Solving The Autism Puzzle Through Postsynaptic Density

Irregularities to the protein-rich compartments in neurons may contribute to various brain disorders like autism and seizure, scientists say.

AsianScientist (Sep. 2, 2016) – Irregularities to the protein-rich compartments in neurons may contribute to various brain disorders like autism and seizure, according to a study from Hong Kong published in the journal Cell.

The neurons in our brain communicate with each other via a micron-sized unit called a synapse. Each synapse contains a layer of densely-packed, protein-rich compartments called postsynaptic density (PSD), which are responsible for brain signal processing and transmission. Mutations of the genes encoding PSD proteins SynGAP and PSD-95 are major causes of psychiatric disorders including autism, schizophrenia, and intellectual disabilities.

While the existence of PSDs has been known to scientists for 60 years, how PSDs form and change in response to brain activities are poorly understood. Interestingly, the researchers from Hong Kong University Science and Technology have found that SynGAP and PSD-95 can form an autonomously assembled network ‘oil-like’ structure in living cells, via a phenomenon called phase-transition.

“Everyone has seen phase transition in our daily life. Liquid water turning into ice is a form of phase transition. Living cells can selectively ‘pick’ certain proteins or nucleic acids to undergo phase transition forming a non-membrane-enclosed cellular compartments, so their physiological functions can be regulated,” said Professor Zhang Mingjie, who led the research group.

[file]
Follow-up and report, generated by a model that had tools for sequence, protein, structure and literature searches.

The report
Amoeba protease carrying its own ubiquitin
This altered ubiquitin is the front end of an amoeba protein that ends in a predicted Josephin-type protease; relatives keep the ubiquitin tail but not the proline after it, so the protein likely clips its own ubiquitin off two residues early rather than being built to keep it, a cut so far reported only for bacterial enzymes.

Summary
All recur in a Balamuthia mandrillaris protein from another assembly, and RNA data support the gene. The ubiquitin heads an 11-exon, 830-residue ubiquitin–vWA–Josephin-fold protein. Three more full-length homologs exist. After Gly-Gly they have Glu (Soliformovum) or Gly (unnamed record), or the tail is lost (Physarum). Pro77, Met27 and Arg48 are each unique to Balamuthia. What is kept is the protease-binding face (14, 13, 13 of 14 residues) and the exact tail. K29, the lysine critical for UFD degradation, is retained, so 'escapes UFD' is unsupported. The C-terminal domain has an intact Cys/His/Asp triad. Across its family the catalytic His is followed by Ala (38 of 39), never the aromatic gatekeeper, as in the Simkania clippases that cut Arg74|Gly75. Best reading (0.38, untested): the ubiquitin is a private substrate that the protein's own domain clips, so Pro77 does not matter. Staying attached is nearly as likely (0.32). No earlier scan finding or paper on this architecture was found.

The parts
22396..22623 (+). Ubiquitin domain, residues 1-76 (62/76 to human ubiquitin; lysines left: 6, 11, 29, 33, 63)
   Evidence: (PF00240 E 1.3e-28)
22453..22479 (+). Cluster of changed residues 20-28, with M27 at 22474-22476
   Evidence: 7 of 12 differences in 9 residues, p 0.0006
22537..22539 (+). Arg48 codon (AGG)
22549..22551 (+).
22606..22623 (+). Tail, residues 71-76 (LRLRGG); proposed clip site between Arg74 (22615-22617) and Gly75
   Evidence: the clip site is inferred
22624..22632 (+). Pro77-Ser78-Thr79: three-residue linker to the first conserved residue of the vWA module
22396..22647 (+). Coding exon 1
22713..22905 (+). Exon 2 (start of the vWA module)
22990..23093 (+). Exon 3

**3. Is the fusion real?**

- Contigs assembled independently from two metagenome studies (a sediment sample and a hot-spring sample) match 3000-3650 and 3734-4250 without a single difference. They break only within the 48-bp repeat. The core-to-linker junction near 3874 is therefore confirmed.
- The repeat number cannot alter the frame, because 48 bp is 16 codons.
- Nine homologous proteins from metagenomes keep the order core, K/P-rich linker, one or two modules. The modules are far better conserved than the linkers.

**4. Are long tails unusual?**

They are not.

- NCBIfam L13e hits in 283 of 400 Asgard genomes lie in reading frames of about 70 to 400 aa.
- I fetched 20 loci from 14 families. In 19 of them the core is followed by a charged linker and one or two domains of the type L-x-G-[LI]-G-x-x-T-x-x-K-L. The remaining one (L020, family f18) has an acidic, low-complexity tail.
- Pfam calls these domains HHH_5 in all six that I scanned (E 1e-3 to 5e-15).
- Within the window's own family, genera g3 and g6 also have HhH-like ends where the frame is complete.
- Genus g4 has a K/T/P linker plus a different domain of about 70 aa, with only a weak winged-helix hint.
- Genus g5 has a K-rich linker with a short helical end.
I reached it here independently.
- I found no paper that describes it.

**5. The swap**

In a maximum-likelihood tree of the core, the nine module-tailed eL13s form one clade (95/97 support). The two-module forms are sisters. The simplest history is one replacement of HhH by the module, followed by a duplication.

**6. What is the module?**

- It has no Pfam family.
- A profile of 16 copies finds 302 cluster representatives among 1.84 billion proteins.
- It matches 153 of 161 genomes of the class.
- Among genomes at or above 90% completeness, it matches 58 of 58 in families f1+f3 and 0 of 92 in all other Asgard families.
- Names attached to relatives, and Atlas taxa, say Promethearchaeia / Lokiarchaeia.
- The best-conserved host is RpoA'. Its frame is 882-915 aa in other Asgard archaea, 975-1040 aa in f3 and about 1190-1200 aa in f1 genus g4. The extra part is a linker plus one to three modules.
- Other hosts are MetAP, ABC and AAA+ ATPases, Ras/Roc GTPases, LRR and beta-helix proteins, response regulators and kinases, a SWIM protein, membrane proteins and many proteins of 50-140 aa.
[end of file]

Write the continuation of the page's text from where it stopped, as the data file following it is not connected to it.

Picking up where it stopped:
Importantly, the research team also found that defects of SynGAP or PSD-95 identified in autism patients alter the ‘oil-like’ droplets formation of the complex and change the synaptic signaling activity of neurons. This discovery may provide insights into how defects in SynGAP and PSD-95 cause various brain disorders like autism and seizure.

“This study is only the beginning of teasing out how other proteins collectively contribute to the formation and brain activity-dependent alterations of PSD,” said PhD student Zeng Menglong, the first author of the study.

“We are also interested in trying to find out whether other synapses, the neuron/muscle connections for an example, also adopt the phase-transition strategy to build their PSDs.”

The article can be found at: Zeng et al. (2016) Phase Transition in Postsynaptic Densities Underlies Formation of Synaptic Complexes and Synaptic Plasticity.


Source: Hong Kong University of Science and Technology.
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